The author shows how the Bukharan modernist writer ‘Abd al-Ra’uf Fitrat, between 1910 and 1923, published no less than five works in which India, Indians, and the British featured most prominently.  A feature that complicates the matter is that Fitrat’s views changed radically over this decade.  In his early works, all written in Istanbul, he could see the coloniser as a source of emulation and even of advice.  The author notably asserts, quite soundly, that the Russian protectorate established in 1873, fixing the boundaries of the Emirate of Bukhara, contributed to the appearance of a sense of patriotism articulated by Fitrat with the Ottoman notion of watan during his stay in Istanbul.  By 1923 (the year of Fitrat and many Jadids’ elimination of the government of the Popular Soviet Republic of Bukhara), the coloniser was cast in an entirely negative note, with an innate enmity to ‘the East’.  Self-preservation required continued action on behalf of the colonised.  As in the contemporary, often more radical works by Turkic-speaking writers of the Turkistan ASSR (and probably under the latter’s direct influence), “the responsibility for undertaking this action, ascribed to the Emir by Fitrat in his early works, had shifted to the ‘people’ over the course of the tumultuous decade (274).”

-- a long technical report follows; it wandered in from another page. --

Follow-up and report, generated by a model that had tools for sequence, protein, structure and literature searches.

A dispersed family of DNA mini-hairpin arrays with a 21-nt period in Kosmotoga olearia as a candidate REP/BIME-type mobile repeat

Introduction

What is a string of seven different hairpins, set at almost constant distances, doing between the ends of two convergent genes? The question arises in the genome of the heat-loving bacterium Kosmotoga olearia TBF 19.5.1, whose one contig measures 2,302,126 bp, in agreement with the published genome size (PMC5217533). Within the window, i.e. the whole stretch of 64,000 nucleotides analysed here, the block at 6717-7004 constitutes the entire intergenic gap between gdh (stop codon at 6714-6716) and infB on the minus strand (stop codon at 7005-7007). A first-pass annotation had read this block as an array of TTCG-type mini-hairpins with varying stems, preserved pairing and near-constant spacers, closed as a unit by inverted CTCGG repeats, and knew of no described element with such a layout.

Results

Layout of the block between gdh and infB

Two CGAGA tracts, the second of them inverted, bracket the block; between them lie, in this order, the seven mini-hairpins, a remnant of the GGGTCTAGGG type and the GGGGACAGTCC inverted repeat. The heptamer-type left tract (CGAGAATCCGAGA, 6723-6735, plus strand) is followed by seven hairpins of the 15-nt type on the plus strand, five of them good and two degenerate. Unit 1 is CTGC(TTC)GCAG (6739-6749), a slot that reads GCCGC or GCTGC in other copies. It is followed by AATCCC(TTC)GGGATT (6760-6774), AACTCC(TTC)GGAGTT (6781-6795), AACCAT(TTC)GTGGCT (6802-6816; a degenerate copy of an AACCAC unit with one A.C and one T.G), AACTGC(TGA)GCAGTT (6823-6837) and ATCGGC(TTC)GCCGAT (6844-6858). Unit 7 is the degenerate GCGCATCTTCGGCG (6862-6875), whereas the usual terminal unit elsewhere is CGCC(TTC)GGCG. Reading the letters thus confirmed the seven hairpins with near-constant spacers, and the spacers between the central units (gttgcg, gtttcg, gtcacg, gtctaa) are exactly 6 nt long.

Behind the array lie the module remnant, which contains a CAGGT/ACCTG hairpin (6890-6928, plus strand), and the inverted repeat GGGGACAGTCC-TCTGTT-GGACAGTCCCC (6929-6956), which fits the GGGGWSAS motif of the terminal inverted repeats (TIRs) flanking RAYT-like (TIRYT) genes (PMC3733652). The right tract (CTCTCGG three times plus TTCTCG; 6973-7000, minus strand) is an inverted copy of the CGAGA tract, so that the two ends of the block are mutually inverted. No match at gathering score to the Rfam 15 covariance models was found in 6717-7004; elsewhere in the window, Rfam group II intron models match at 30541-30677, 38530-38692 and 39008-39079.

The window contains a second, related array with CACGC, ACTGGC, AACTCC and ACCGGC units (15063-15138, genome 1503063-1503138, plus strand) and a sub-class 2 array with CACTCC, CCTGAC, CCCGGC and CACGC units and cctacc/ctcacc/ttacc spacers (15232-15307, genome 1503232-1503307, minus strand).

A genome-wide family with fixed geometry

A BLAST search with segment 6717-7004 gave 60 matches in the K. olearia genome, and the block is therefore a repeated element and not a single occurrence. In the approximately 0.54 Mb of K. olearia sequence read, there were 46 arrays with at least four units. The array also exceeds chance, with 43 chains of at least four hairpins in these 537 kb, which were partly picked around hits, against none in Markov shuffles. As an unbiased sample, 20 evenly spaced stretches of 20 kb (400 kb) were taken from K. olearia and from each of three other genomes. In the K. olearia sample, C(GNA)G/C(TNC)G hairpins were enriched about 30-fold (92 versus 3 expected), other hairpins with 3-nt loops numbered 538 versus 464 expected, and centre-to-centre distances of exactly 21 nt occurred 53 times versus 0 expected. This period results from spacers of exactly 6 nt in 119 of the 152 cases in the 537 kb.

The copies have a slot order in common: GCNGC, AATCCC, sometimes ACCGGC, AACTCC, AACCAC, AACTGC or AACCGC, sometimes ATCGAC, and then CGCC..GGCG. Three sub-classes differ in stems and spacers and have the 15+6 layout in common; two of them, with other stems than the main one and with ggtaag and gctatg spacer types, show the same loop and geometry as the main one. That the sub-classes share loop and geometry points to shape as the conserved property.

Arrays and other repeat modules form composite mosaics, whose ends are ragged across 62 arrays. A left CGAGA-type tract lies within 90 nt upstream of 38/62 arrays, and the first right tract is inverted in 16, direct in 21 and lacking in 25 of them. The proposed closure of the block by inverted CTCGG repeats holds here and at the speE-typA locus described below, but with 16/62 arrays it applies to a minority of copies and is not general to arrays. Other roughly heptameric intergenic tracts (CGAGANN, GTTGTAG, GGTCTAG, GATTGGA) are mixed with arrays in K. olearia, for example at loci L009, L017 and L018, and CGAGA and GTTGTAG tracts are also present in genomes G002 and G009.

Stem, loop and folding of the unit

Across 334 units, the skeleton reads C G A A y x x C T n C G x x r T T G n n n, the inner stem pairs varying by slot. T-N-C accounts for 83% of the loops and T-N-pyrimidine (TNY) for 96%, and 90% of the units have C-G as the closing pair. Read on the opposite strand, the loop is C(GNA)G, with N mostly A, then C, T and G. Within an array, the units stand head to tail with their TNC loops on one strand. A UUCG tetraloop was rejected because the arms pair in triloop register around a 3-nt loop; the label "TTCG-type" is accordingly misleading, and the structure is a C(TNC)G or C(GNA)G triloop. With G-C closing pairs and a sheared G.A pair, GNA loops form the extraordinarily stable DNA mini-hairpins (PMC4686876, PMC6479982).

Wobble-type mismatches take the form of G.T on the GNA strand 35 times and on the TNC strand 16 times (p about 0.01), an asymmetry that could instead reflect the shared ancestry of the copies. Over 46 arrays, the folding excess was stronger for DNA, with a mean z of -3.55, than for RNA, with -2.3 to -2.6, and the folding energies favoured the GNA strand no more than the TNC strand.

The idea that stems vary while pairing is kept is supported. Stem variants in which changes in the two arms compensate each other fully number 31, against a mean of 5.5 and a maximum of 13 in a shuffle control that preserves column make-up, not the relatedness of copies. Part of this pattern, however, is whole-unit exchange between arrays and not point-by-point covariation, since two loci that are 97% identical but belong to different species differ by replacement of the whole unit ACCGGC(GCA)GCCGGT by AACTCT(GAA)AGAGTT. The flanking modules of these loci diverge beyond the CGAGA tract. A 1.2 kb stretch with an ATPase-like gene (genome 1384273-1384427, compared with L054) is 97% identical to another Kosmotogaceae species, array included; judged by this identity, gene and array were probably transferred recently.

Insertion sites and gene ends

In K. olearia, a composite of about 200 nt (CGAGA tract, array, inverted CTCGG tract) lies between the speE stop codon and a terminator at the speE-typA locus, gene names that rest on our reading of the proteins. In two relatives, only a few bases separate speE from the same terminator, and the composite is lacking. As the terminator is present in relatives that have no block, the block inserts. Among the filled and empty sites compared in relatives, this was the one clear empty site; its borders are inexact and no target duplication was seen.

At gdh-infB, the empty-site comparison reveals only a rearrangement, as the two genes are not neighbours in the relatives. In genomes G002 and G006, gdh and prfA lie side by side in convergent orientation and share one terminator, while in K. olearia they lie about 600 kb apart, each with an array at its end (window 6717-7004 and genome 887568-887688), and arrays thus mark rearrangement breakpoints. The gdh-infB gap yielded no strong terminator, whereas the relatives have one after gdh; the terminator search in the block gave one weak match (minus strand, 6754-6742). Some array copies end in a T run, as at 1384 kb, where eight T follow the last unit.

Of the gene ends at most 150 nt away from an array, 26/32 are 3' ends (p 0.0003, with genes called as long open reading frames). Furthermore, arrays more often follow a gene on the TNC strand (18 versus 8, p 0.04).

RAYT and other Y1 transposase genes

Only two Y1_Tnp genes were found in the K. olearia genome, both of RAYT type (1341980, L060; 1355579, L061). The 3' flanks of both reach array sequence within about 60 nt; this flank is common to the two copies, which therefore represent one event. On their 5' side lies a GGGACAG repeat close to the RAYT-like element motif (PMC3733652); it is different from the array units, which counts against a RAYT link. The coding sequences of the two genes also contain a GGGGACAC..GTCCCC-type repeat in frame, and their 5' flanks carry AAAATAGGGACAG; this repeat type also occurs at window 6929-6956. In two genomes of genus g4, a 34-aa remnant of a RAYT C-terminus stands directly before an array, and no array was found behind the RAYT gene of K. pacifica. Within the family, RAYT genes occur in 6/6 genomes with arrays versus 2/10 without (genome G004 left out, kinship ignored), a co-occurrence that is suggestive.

Stéphane A. Dudoignon, National Centre for Scientific Research, Paris
CER: I-3.4.C-299